During a rally your opponent will be either in front, behind, or parallel to you. Watching the squash ball during a rally is the most important thing you can do to improve your game. Never ever take your eyes off the ball. If you are afraid of watching the ball when it goes behind you, wear protective eyewear. It is impossible to reach your full potential as a player if you don’t consistently keep your eyes on the ball.
When your opponent is in front of you, it is easy to see where and when your opponent is going to hit the ball. By watching the ball as it leaves your opponent’s racquet, especially when the ball is behind you, increases your ability on the following:
a. You can better judge the kind of shot your opponent is likely to play
b. You will get the first idea of where your opponent’s shot is going when the ball leaves his racquet.
c. You can gather information on the direction, the trajectory, the speed and the height of the shot
d. By processing all this information in a split second your brain will calculate where you will need to be to
meet the ball.
If you wait to see the ball come off of the front wall you have lost about half of the valuable trajectory input necessary to accurately judge the shot played. You have also lost valuable time that could have you onto the ball quickly thereby speeding up the game and putting your opponent under pressure. By only watching the front wall, you will only have the sound of your opponent hitting the ball or the ball coming into your peripheral vision to react too. This will often have your feet moving late and could have you “overrunning” the ball or not getting to your opponent’s tight shots.
Only by watching the ball can you anticipate the kind of shot your opponent is intending to hit. If you are turning your head back to the front wall before impact of the ball onto your opponents racket you are not anticipating, you are guessing!
To volley well you need to see the ball early and intercept it early. If you learn to anticipate if they’re driving, dropping, boasting or going cross-court then that is half the battle right there. Anticipation only works with watching the ball when it is behind you.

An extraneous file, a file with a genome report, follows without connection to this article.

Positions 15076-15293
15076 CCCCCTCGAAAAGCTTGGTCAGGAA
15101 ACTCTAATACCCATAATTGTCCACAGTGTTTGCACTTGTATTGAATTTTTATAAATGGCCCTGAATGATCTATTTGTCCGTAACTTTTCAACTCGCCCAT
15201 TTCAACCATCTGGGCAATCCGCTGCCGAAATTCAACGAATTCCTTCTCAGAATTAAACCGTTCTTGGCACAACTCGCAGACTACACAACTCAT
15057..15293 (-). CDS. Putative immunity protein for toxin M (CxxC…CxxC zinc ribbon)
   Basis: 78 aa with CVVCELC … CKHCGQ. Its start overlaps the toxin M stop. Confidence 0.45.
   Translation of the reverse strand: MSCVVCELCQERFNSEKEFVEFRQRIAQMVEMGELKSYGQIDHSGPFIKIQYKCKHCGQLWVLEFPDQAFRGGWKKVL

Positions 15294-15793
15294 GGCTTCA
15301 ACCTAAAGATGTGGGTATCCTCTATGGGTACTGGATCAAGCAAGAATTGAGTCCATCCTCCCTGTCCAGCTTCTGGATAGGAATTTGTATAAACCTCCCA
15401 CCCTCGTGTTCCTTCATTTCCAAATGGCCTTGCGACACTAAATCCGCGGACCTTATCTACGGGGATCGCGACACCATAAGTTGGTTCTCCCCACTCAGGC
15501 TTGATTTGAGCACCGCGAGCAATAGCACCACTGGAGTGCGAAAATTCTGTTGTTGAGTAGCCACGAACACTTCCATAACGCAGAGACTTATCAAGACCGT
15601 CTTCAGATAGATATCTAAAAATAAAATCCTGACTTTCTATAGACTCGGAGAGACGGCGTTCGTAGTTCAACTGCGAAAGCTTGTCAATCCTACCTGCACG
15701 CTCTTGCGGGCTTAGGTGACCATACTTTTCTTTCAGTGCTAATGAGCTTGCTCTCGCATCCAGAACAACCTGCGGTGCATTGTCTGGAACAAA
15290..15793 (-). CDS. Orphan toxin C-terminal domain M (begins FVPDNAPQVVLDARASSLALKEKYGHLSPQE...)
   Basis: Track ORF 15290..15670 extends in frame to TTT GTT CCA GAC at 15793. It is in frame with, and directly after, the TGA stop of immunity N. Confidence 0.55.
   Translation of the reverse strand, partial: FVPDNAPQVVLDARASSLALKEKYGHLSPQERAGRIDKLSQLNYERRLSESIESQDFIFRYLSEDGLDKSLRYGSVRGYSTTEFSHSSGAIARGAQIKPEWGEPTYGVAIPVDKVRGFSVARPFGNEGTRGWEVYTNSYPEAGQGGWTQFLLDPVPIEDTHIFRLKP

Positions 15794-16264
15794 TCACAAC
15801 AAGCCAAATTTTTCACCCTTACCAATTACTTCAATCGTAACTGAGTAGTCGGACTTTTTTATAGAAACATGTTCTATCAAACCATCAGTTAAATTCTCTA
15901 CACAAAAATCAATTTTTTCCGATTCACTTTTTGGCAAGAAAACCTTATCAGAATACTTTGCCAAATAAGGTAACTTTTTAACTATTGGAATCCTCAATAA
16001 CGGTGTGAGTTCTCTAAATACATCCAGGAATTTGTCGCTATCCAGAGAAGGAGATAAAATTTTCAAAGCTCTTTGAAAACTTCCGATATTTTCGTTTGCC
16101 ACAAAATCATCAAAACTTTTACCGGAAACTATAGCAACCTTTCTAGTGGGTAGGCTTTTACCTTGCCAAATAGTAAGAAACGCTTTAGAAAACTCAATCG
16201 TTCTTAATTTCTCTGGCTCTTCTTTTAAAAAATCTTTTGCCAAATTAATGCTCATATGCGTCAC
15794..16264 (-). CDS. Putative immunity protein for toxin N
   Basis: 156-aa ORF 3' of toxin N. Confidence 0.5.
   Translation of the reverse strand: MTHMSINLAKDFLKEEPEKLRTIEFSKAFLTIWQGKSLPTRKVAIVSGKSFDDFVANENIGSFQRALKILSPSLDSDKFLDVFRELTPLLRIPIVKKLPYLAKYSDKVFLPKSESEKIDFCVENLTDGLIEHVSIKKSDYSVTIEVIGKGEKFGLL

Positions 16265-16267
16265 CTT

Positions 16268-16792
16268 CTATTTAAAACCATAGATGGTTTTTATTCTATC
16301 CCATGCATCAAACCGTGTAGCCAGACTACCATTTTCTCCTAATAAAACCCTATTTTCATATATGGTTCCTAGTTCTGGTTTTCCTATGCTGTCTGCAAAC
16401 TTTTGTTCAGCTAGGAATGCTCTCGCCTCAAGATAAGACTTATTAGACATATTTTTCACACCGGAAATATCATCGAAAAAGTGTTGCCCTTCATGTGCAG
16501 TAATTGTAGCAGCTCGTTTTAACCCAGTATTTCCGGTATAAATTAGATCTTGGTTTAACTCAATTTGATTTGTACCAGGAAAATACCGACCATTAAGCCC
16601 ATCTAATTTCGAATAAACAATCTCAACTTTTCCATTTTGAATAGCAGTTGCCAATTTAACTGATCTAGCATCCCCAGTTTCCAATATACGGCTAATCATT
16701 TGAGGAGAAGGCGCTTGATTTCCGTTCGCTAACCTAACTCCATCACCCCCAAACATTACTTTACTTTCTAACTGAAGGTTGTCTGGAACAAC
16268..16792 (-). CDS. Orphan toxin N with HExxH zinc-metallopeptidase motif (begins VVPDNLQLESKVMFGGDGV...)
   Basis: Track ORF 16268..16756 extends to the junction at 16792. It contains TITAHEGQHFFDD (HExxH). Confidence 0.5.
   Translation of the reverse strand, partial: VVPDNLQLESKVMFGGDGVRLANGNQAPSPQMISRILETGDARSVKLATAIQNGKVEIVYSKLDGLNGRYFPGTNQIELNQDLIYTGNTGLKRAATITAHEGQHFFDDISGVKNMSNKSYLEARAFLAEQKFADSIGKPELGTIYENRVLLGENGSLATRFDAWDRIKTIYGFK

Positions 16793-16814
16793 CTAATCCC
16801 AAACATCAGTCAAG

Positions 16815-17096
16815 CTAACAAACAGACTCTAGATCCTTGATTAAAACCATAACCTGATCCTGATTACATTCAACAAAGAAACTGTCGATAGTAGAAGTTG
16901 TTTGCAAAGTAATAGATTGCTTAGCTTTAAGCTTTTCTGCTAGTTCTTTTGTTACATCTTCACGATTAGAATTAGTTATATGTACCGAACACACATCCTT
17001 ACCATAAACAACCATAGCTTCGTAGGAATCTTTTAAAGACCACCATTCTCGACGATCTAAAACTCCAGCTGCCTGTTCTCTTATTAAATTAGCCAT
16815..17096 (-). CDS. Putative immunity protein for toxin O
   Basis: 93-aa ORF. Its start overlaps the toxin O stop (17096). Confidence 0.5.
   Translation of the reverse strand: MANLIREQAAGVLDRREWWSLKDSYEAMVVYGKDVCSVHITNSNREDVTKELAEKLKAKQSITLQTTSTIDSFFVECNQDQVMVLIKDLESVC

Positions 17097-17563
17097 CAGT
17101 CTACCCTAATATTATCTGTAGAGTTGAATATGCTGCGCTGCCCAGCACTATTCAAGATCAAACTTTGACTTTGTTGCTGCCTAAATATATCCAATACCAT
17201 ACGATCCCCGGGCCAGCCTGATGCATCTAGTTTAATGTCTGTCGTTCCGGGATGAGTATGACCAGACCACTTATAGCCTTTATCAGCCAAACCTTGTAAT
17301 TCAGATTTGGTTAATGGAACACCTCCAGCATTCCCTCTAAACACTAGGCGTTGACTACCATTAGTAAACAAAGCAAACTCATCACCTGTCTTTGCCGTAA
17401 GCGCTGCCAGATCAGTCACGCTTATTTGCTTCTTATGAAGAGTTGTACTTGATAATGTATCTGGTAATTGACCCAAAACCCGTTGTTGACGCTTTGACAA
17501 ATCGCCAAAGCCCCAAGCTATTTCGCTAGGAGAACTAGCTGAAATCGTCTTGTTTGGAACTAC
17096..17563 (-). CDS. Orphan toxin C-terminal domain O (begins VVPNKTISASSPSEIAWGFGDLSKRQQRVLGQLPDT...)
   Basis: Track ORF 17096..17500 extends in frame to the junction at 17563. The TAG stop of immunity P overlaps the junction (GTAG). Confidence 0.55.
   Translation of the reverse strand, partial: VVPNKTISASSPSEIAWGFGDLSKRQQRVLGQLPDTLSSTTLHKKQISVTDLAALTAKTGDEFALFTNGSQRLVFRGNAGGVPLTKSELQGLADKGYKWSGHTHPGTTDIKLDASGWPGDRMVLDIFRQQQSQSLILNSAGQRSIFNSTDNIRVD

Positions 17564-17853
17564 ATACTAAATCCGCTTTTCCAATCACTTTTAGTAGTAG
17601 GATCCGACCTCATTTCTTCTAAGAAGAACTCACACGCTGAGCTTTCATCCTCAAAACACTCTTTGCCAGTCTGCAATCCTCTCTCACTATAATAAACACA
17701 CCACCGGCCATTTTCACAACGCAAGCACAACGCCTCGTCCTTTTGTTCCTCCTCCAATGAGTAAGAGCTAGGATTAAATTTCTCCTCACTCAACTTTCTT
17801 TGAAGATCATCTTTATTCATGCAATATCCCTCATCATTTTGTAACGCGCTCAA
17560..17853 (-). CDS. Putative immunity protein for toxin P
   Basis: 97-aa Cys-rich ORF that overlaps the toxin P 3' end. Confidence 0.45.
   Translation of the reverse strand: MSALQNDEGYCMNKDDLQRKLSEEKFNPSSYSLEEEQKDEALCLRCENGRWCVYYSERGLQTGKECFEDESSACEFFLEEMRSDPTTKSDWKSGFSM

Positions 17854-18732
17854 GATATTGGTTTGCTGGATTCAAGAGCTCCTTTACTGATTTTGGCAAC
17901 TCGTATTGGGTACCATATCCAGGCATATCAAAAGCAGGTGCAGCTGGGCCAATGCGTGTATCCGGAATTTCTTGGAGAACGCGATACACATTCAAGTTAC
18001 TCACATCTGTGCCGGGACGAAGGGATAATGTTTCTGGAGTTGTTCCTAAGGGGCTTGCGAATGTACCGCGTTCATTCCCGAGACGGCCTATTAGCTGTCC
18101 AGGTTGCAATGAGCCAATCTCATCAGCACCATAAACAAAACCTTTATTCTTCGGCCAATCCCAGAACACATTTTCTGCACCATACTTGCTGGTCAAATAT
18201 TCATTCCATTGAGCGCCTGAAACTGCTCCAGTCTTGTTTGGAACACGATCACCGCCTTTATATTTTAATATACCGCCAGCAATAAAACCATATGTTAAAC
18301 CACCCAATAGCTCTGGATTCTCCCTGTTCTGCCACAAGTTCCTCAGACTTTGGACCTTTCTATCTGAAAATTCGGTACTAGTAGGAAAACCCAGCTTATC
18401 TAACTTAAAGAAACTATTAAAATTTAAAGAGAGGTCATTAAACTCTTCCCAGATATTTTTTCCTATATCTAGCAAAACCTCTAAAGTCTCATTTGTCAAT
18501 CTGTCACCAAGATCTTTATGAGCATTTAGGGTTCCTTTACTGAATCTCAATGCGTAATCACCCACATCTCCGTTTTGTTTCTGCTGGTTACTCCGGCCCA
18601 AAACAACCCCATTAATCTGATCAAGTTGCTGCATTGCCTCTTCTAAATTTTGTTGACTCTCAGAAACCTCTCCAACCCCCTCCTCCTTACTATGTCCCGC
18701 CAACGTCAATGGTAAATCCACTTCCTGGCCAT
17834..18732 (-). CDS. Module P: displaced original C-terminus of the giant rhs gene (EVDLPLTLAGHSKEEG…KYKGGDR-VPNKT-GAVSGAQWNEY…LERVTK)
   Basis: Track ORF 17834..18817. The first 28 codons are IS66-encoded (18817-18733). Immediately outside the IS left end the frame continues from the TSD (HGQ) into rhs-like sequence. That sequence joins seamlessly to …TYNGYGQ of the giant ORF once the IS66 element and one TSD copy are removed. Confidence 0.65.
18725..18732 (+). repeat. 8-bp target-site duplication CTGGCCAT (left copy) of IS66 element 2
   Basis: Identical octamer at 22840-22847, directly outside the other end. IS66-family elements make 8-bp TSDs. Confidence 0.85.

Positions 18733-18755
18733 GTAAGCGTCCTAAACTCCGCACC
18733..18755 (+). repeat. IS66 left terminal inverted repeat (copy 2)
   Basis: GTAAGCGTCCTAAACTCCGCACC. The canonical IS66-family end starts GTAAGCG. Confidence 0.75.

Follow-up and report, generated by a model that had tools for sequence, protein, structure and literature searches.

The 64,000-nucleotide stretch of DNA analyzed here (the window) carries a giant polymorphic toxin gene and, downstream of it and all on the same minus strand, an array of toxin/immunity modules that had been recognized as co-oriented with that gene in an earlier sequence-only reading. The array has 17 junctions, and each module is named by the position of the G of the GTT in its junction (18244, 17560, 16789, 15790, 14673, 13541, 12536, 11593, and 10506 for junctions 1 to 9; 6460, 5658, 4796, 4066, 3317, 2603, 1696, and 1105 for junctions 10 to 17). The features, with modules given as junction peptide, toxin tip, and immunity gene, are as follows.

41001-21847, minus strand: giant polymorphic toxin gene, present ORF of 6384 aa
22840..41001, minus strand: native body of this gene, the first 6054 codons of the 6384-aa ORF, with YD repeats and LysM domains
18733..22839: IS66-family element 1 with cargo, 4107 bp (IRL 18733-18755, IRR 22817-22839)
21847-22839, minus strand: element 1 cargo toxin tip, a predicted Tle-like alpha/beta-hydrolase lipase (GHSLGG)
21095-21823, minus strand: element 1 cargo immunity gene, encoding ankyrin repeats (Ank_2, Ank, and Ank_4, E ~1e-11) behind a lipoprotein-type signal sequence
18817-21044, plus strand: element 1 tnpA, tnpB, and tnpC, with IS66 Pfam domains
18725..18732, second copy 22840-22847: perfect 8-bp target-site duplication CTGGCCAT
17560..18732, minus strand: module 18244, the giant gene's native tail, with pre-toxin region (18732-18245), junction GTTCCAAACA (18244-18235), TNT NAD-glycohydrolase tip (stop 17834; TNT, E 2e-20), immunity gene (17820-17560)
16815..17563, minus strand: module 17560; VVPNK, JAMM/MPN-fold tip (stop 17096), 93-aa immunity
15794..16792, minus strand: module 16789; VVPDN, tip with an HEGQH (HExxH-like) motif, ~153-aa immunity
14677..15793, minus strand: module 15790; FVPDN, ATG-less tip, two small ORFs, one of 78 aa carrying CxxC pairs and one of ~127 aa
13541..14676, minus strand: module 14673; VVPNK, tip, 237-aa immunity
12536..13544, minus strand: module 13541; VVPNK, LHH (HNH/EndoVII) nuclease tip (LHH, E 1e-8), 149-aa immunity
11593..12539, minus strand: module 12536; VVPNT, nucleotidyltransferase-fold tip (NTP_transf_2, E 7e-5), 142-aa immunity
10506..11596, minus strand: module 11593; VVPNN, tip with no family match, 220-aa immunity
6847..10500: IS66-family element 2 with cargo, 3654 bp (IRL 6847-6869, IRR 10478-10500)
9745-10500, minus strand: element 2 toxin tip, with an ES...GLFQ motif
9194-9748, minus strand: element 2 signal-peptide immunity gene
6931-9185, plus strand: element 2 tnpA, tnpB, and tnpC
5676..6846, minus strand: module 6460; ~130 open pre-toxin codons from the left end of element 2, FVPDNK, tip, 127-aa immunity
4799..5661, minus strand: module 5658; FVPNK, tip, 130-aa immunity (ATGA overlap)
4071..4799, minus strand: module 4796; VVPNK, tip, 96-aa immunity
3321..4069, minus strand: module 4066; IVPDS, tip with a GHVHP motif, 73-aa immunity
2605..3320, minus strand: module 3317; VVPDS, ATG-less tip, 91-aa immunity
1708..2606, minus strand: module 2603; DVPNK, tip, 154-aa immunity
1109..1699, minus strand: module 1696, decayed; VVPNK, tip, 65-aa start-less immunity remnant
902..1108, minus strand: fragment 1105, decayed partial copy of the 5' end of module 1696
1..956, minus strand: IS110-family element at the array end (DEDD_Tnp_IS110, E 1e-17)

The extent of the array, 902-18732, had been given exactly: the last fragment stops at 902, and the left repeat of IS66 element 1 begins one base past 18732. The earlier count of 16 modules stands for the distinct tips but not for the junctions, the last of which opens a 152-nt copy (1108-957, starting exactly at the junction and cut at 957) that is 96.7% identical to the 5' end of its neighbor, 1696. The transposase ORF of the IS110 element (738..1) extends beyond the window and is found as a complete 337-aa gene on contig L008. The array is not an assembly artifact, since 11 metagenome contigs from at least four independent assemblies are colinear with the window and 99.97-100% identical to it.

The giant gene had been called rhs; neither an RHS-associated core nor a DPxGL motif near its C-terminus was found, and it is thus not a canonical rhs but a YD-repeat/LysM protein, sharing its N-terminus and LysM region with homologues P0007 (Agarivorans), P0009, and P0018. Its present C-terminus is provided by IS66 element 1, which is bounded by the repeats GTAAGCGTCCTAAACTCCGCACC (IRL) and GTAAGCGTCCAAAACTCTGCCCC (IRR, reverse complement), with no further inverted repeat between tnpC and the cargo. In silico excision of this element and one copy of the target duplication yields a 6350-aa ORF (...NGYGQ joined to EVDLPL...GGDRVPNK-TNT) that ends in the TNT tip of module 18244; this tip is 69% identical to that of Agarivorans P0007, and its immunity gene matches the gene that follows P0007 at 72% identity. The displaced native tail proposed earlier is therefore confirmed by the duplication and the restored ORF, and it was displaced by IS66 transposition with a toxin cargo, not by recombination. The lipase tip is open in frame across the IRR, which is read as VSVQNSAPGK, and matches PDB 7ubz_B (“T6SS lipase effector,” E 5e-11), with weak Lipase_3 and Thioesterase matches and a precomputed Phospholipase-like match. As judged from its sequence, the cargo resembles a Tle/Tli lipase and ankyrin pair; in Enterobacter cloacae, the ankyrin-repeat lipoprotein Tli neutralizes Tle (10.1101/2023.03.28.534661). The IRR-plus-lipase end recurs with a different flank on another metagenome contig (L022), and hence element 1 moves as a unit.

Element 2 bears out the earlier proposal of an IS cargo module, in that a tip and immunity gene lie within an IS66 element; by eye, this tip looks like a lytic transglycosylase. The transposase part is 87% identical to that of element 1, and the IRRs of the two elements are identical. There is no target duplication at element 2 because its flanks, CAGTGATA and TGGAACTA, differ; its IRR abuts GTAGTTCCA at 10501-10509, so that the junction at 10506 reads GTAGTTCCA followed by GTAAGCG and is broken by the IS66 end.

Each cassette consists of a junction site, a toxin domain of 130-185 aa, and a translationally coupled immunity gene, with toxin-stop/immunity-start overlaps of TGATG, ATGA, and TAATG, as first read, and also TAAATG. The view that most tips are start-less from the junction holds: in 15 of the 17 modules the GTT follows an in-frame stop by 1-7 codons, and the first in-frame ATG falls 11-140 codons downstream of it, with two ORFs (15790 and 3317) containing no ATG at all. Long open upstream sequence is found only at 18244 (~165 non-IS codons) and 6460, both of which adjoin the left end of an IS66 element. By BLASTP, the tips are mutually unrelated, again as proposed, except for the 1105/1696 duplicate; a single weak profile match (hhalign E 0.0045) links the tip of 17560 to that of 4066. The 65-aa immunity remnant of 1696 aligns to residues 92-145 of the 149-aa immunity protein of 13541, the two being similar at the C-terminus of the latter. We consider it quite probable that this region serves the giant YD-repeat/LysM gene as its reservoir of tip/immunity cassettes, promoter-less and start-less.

Research demonstrates that “expert” players can predict their opponent’s shot to a very high accuracy level up to 600 milliseconds before impact. Important clues for making anticipatory decisions are :
1. Movement of the arm and racquet before impact
2. Flight of the ball immediately after impact.
3. Probability – the opponent’s strategic habits, the opponent’s technical abilities and his/her court position
4. Postural position of the opponent
It has been proven that expert players do not have better “vision” than beginners nor do they look at different clues to beginners on which to base their decision about what is about to happen, they just make better use of the information available to them and can therefore anticipate better. Anticipation is:
a. predicting the bounce of the ball,
b. predicting the pace of the ball through the air
c. ability to read the angle of the racket and arm
d. make better tactical decisions
e. gives you more time
These skills become automatic with experience but are developed by playing many matches. They allow for better movement, speed and rhythm around the court. Watching the ball when it is behind you is vital for movement and improving your speed around the court without getting any faster physically. I believe watching the ball well will get you way faster around the squash court than getting physically faster. Only through consistently watching the ball coming off your opponent’s racquet when the ball is behind you in the back court will you learn the rhythm of how to move around the squash court.
By watching the ball you can also play safer and avoiding decisions against you. Watching helps you getting out of the way of the racket swing, and ball, while your opponent is returning the shot. Without watching the ball your progress will be limited and can be dangerous. Watch the ball and if you are too close or within the “line of fire” move out of the way, but do not take your eye off the ball. You can’t always go back to the T when you hit a loose shot. Move your T position if necessary. The downside of not watching the ball when your opponent is behind, is that you may be guilty of not clearing, and even worse, not attempting to clear. That can be the difference between a stroke and a let.